Have you ever been anticipating one single weekend for months? Maybe you'll be visiting a new city. Maybe you're planning a grand reunion with old friends. Maybe it's finally!!! time to run that race you have been working towards for the past 18 weeks. Or, maybe it's all of the above.
So the weekend comes. Naturally, your camera comes along with you. After all, this weekend has been in the making for months and months and everyone in your life knows it. You've got to have something to show for it when you get back.
You arrive. It is everything you hoped it would be and more. There is cooking. There is eating. There is sitting around the table reminiscing about this and that until who knows when. There is wine. You try to show of your France skillz by volunteering to open said wine, then embarrassedly realize several minutes later it's a twist-off bottle. Everyone laughs. Because you haven't changed. Even after what seems like ages, after your lives have veered in different directions since the last time you were together, everyone is still the same.
Then there's the big race. That 26.2 miles you have been thinking a lot about lately. You run it. It's hard. It's really much harder than any of these you've done before. Somewhere between miles 19 and 26, you wonder what you are trying to prove and who you are trying to prove it to. You think this is a very stupid thing you're doing. You think it would be nice to slow down your pace a notch or two or ten. But you know that would also a stupid thing, because that would be too easy. So you keep going and cross the finish line with your fastest time ever, and that makes it worth it.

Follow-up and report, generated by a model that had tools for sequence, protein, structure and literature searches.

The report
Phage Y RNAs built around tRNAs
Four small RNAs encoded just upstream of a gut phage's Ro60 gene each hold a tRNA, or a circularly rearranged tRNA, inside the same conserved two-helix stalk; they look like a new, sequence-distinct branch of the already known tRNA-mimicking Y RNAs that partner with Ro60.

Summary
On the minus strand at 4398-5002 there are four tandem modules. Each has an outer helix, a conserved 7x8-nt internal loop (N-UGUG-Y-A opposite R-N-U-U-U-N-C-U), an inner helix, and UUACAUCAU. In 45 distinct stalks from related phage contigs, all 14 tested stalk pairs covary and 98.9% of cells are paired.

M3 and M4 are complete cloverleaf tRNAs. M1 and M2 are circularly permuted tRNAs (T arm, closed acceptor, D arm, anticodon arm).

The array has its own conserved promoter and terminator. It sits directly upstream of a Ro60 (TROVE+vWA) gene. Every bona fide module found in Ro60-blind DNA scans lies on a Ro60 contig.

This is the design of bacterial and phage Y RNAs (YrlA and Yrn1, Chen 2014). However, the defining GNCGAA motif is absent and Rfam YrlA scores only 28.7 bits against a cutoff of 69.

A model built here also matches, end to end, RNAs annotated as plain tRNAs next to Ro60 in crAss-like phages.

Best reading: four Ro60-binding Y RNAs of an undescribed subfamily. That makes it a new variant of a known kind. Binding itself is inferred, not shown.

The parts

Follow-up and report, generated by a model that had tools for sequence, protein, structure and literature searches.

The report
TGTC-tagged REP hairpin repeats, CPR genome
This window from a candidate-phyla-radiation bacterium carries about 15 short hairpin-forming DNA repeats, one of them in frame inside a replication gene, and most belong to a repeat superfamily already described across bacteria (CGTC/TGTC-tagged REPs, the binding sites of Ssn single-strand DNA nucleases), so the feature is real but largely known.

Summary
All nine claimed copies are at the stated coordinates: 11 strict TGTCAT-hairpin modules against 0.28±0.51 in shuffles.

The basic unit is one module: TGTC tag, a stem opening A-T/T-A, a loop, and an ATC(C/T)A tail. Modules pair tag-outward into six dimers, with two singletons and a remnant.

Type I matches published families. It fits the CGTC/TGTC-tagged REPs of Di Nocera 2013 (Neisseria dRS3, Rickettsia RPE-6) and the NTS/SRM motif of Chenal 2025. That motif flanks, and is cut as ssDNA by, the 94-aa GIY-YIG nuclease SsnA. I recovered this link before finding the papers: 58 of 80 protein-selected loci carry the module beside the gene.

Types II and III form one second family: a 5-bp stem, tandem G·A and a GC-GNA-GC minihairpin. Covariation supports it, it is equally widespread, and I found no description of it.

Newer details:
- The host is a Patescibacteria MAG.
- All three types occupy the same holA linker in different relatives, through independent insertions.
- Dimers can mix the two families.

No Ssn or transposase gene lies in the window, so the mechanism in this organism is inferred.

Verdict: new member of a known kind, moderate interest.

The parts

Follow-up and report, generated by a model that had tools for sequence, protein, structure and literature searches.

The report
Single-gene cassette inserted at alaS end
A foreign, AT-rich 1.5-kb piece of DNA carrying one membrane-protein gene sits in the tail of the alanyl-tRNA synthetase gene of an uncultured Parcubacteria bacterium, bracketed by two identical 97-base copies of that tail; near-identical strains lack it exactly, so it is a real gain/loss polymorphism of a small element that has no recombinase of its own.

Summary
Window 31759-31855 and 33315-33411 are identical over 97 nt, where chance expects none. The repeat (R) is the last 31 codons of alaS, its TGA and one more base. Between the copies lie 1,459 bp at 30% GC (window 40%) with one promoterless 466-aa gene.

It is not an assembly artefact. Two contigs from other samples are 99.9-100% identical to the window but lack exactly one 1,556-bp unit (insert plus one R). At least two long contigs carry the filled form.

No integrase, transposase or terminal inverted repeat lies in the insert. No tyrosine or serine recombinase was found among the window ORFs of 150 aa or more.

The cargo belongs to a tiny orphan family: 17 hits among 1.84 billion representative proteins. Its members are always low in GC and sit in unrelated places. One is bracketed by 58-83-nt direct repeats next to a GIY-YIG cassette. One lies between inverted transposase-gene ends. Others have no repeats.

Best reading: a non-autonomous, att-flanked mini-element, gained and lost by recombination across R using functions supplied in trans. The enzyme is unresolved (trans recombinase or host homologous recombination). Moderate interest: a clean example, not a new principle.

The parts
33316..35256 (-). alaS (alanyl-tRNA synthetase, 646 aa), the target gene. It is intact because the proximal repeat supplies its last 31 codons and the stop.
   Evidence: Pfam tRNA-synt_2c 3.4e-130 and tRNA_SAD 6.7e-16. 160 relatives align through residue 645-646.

Later, there is dinner with another old friend. More reminiscing. More laughing about the past, present, and future. And afterwards, beer. You have a Blue Moon, your first since returning to America. You leave the orange slice until the end, just like always. It tastes better that way.
Too soon, you are catching your $1* Megabus back to Chicago. You feel very sore and very content. And you realize you forgot to take pictures. No snapshots of the dinner making or of old friends or of sightseeing in the new city. No marathon-related photos. The problem is that you were having too much fun over the course of the weekend to feel obligated to document it. Your memories will have to suffice. And that is just fine. You don't mind one bit. You'll take living life over taking pictures of it any day.
*plus 50¢ reservation fee.